One of the games I own is called Kikstart 2. It’s a motorcycle trials riding game, almost certainly inspired by the BBC TV show Kick Start, albeit with a spelling change to avoid having to pay licencing fees. I particularly liked this game as a child, possibly because it included a course designer which allowed you to make your own courses, which I enjoyed doing.
I’m a big fan of people who are really skilled at something – especially if that skill has no real-world applications. Cup stacking, flatland BMX, remembering digits of Pi, etc. It takes a certain kind of person to dedicate so much time to mastering something which serves no real purpose. Recently, I’ve seen numerous videos on Youtube of people solving Rubik’s Cubes in really quite spectacularly short lengths of time, sometimes even blindfolded!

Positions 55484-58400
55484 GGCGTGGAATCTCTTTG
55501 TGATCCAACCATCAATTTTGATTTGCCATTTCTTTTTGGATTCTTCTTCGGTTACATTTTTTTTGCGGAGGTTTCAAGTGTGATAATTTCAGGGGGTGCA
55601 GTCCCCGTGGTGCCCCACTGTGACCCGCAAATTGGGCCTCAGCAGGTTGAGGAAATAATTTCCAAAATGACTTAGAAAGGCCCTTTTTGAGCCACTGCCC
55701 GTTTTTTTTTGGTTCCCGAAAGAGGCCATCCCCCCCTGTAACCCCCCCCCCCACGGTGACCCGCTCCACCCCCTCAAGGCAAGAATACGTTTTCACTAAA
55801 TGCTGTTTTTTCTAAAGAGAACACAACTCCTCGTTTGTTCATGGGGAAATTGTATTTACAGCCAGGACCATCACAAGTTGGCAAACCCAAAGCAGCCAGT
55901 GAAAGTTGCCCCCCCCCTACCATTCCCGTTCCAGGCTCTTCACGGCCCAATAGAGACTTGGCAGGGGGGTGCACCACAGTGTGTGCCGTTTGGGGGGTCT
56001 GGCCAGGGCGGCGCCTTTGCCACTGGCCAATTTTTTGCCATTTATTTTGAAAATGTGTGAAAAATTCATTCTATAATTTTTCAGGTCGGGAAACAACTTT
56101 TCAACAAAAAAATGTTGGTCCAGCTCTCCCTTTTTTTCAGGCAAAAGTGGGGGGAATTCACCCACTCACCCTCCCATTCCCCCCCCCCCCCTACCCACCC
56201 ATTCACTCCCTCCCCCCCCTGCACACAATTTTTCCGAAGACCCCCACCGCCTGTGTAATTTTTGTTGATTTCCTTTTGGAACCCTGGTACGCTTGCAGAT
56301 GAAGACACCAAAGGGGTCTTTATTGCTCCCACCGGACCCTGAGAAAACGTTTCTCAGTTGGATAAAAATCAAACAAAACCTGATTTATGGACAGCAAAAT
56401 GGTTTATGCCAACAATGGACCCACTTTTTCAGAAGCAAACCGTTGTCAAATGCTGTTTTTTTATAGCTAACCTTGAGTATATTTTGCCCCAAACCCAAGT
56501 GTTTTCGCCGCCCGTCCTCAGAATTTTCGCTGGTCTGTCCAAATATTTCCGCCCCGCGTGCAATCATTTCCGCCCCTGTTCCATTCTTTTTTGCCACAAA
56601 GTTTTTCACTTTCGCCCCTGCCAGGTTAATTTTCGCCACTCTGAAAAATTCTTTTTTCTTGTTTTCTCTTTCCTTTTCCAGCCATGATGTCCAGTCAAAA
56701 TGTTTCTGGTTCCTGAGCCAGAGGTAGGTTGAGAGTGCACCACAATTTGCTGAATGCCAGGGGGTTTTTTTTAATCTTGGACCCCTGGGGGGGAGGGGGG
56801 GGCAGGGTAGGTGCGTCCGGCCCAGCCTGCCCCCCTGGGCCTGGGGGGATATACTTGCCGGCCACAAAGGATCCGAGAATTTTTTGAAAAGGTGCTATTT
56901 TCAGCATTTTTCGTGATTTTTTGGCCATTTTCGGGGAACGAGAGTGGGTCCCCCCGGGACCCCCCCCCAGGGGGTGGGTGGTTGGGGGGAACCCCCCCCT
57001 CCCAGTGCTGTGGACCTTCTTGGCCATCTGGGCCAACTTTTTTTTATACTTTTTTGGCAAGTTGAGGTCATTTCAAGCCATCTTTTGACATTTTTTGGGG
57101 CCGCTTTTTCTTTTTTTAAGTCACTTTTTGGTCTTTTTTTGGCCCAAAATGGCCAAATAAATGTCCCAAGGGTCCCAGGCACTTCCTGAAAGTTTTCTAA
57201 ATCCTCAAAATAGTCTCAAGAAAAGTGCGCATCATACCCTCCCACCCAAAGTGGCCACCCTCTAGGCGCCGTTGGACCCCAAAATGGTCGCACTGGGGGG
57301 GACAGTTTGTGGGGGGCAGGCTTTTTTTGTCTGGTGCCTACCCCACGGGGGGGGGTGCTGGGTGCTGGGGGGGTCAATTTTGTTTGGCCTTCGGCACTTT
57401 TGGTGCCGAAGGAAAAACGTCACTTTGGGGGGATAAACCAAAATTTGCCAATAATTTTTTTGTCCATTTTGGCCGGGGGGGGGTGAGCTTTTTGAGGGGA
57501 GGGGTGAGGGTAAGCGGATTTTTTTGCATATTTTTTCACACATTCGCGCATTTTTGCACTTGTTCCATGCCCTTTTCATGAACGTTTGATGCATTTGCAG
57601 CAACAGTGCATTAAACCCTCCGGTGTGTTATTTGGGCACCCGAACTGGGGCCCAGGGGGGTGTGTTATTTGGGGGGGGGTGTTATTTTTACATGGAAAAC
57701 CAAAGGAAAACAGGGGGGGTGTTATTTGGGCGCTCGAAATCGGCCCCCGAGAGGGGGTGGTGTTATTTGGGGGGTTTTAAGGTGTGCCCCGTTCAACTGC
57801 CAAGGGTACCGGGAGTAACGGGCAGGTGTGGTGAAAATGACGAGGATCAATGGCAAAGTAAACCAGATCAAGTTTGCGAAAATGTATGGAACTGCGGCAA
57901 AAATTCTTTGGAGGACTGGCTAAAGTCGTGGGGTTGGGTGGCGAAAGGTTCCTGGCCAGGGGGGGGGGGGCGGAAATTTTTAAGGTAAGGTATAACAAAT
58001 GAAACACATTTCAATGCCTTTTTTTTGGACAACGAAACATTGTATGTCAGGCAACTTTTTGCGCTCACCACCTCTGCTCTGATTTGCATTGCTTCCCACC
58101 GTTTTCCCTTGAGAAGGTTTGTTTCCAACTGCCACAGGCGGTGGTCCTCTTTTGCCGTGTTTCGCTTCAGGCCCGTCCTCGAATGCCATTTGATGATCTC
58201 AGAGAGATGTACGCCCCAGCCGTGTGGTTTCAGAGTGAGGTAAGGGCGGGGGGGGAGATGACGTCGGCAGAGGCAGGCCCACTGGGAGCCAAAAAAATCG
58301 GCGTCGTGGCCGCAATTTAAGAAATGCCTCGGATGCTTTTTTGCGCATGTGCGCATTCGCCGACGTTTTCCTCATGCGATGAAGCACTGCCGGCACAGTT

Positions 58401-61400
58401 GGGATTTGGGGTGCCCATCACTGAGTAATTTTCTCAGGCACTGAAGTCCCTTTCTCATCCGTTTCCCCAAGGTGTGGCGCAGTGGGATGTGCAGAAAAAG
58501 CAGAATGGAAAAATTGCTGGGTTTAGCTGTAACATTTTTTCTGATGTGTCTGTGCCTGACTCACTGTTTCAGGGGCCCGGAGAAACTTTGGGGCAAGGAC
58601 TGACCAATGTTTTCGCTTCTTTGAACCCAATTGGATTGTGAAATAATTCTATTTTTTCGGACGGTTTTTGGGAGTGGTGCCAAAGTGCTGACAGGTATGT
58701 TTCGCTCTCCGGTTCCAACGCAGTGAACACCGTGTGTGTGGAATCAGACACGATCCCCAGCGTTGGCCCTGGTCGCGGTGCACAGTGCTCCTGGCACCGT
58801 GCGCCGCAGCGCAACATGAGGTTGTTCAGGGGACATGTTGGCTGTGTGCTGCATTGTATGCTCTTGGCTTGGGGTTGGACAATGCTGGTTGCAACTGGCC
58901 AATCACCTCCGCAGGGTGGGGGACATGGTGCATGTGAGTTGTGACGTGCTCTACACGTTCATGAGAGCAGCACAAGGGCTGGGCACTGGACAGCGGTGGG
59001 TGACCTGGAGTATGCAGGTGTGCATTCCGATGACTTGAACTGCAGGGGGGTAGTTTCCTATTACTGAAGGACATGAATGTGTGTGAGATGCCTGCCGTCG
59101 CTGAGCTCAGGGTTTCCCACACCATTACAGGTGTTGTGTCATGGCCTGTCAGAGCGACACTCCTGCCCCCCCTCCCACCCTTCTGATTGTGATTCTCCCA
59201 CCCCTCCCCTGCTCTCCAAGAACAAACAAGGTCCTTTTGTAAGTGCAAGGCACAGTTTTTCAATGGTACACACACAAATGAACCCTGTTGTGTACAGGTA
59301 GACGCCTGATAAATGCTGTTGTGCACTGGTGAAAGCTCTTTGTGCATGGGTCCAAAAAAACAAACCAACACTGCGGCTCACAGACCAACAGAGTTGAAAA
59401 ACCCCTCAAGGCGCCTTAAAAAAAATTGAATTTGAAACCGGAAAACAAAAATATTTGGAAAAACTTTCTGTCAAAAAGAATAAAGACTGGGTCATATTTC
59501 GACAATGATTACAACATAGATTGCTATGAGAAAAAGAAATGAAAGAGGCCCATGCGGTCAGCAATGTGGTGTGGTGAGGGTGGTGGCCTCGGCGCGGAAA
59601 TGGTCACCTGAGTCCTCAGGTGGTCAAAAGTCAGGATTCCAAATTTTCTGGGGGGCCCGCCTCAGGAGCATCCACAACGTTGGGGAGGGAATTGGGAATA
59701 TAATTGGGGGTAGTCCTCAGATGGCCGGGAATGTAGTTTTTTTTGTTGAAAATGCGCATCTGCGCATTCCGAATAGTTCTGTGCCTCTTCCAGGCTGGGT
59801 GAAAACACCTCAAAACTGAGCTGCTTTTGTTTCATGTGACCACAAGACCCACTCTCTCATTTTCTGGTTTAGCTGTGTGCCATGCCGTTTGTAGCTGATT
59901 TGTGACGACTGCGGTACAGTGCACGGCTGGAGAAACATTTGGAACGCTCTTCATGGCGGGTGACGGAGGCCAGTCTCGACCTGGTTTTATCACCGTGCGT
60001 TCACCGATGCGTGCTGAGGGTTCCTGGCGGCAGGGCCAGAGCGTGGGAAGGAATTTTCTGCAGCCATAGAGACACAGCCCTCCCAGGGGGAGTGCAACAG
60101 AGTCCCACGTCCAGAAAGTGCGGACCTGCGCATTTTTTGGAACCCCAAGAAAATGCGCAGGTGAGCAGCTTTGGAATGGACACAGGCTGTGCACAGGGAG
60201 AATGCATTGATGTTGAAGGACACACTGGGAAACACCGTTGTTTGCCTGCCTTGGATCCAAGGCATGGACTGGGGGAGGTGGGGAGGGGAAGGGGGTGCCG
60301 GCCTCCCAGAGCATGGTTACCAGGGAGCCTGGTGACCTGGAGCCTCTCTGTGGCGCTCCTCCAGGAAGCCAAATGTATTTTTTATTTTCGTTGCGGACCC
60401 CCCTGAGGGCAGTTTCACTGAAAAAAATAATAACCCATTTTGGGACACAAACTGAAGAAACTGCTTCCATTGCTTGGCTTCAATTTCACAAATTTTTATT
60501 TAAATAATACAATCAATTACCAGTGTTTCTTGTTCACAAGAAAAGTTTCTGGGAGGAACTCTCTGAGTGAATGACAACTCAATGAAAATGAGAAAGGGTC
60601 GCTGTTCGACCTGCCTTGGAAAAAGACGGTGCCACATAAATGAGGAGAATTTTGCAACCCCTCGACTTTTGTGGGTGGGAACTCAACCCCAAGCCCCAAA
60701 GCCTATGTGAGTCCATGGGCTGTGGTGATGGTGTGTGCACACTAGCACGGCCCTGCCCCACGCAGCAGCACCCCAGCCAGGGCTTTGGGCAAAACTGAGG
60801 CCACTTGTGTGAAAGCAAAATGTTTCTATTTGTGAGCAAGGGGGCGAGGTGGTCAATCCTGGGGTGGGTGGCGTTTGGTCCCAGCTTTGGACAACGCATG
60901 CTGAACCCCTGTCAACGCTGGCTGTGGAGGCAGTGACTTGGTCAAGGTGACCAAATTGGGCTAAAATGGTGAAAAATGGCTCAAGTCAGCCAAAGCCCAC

Recently, I’ve been sorting my retro-gaming collection a bit. Specifically, I’ve gone through all my ZX Spectrum games, seeing if all the tapes/inlays/boxes/etc. match up. Also, I’ve been checking the games against the comprehensive World Of Spectrum online database, just to see if I have anything interesting or as-yet undocumented.
As it turns out, I do have something of interest: I happen to own a copy of the lowest-rated game in the entire database. You might think that in order for a game to be the lowest-rated – especially from an era when there were some really terrifyingly crap games released – it would have to be something a bit special.
And you’d be right.